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Velloo - I am not aware of any real evidence but there seems to be a lot of anecdotal evidence. I asked about paleo on my club's Facebook group last night and was overwhelmed with people saying that they follow a 'broadly paleo' diet and that it's vastly improved their running. I'll try and check out that book you mentioned and I agree that this stuff shouldn't be complicated.
Debra - thanks for the tips.
Big G - I echo what I said last night on FB, but you will probably find once you start delving deeper into it that you end up following some hybrid version of paleo/atkins/keto. As long as you're sensible and apply common sense, this ought to work (IMHO of course!)
Big_G what is a broadly paleo diet?
If they've cut carbs, and therefore calories and are losing weight then their running will improve. It would also improve if they lost weight doing whatever.
From my own anecdotes all the fast skinny runners I know eat carbs, some from vegetable sources, some from grains, some from nuts etc. I have never read any convincing study to back up the theory that cutting carbs in itself (not any associated weight loss) benefits running.
velloo - one chap still ate potatoes but ditched all other carbs. One chap still had milk, but other than that followed paleo. I'm not saying this is right/wrong but (to me) seems a reasonable compromise.
I agree about the weight loss probably being the main reason for running improvement but to be honest I'm not looking at it from a weight loss point of view and don't really want to lose weight (I've lost a lot of weight anyway). I am very interested in potentially running a marathon without using gels though.....
Lots of fruit and vege - not so much potato if I can - meat and quorn and fish - almond milk and some dairy. I have GF oats in the morning, maybe some rice/rice noodles in my lunch or tea (along with vege etc) and gluten free buns and pizza every now and again
When I was trying to loose weight I cut out all refined wheat/flour products and refined sugar - ate a little bit of rice but it was mainly fruit, vege and various protein sources.
A diet with loads of meat and veg and no cake sounds a bit rubbish to me.
booktrunk wrote (see)
What has natural got to do with it? Do you all wear leather shoes scrapped from skins of dead animals, with no plastic or rubber in their construction at all and how about your clothes, natural has nothing to do with it. Sorry! But until you answer yes to all of those then there is no natural argument, held together by natural glue, and not of course a machine in site for any of the construction. _______________________________________________ Nature has everything to do with it booktrunk, it takes millions of years for humans to adapt to food change - we have not adapted to our over-indulgence of carbs. The idea behind paleo diets is to return to the default diet of our ancestors which is very low carb. For me this is a very good "natural" argument and is scientific if you sample the research Short Version: Carbs = unessential nutrient Protein = essential nutrient Fat = essential nutrient Longer Version If the Endurance theory is true (the lieberman theory that we changed to a protein diet when we came out of the trees) THAT took aeons of of evolution, we can't expect the human body to suddenly adapt to eating sugar by the lorry load as with the modern processed food diet, and (in many cases) the runners diet . If you stuff your body full of sugar (rice, pasta, potaoes) when you run your body will use the easiest source of fuel (carbs/sugar) but the prefered source of fuel for a runner is FAT - fact not fiction. We have inadvertently trained our bodies to run on carbs which it doesn't actually need, remember their is no such thing as essential carb, it's a luxury. Just my opinion but this information is backed up with lots of evidence already talked about on here. Give this a whirl booktrunk, might change your approach in years to come. Worth a listen if your a runner! I had always been a CARB crucher but I'm starting to switch to lower carb currently. the evidence for high fat, high protein not only healthier than high carb low fat, but also good for us runners if the right strategy is used. I live in hope I'm not 100% converted on the idea of low carb because I haven't finished my experiment of one yet but things are looking good so far. The research my wife and I have been reading the last month or so has meant a re-thing on what we used to believe and a shift in our diets. Call it a fad if you wish... Andy www.myrunningtips.com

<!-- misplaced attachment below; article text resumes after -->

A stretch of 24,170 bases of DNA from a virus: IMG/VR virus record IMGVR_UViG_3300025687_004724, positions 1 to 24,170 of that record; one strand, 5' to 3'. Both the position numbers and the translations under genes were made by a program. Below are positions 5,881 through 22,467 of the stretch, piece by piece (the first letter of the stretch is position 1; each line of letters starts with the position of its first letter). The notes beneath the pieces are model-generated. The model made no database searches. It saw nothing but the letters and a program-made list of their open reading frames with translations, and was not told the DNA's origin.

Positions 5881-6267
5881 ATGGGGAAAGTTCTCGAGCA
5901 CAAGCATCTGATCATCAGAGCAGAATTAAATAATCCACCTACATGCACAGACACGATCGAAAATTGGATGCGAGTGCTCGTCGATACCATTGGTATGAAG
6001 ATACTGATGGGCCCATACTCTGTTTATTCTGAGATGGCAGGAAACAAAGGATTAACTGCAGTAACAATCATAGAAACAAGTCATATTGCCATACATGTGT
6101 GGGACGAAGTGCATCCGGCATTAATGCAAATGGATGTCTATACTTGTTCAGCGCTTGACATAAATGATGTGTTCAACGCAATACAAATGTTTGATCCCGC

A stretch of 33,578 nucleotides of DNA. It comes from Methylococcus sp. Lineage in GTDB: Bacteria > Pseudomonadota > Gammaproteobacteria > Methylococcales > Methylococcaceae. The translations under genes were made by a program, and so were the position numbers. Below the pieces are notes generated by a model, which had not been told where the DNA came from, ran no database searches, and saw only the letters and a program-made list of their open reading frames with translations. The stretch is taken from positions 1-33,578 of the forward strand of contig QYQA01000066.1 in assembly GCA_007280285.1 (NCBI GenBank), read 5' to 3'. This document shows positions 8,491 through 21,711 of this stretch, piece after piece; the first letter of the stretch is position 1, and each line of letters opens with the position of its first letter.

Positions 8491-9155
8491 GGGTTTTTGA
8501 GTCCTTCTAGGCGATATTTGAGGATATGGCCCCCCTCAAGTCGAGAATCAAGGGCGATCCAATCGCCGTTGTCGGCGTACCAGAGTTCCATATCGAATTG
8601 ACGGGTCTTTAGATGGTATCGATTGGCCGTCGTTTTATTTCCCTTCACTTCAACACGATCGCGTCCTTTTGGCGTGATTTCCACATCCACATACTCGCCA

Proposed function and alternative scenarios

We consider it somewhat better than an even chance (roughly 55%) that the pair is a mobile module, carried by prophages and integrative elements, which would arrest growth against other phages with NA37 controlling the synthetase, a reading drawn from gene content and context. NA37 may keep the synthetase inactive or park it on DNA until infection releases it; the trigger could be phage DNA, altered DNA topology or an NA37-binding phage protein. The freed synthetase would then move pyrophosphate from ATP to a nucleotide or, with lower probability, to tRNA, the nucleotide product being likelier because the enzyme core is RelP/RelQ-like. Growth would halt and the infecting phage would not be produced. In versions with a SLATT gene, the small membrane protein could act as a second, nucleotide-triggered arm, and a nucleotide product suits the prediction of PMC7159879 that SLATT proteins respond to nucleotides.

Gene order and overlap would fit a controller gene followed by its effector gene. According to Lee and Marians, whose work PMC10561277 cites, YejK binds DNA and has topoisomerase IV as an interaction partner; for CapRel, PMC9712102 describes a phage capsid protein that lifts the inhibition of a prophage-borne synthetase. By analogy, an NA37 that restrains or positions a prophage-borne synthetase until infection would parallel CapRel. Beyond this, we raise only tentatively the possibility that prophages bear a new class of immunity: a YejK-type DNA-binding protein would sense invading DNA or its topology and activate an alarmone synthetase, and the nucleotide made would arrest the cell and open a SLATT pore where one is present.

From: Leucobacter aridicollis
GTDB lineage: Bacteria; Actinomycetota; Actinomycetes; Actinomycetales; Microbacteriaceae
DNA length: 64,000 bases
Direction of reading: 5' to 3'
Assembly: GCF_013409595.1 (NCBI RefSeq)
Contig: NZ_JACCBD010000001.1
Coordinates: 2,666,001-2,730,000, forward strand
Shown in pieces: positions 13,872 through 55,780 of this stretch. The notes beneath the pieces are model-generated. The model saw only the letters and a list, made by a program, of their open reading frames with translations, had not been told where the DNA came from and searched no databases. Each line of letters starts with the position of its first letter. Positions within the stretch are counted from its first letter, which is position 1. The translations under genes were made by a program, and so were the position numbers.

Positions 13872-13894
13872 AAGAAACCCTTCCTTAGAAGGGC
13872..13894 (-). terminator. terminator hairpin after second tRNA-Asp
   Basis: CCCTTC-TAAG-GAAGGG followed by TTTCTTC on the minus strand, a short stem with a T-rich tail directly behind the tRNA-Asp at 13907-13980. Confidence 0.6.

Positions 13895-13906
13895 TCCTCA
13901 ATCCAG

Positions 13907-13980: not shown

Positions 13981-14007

What has natural got to do with it? Do you all wear leather shoes scrapped from skins of dead animals, with no plastic or rubber in their construction at all and how about your clothes, natural has nothing to do with it.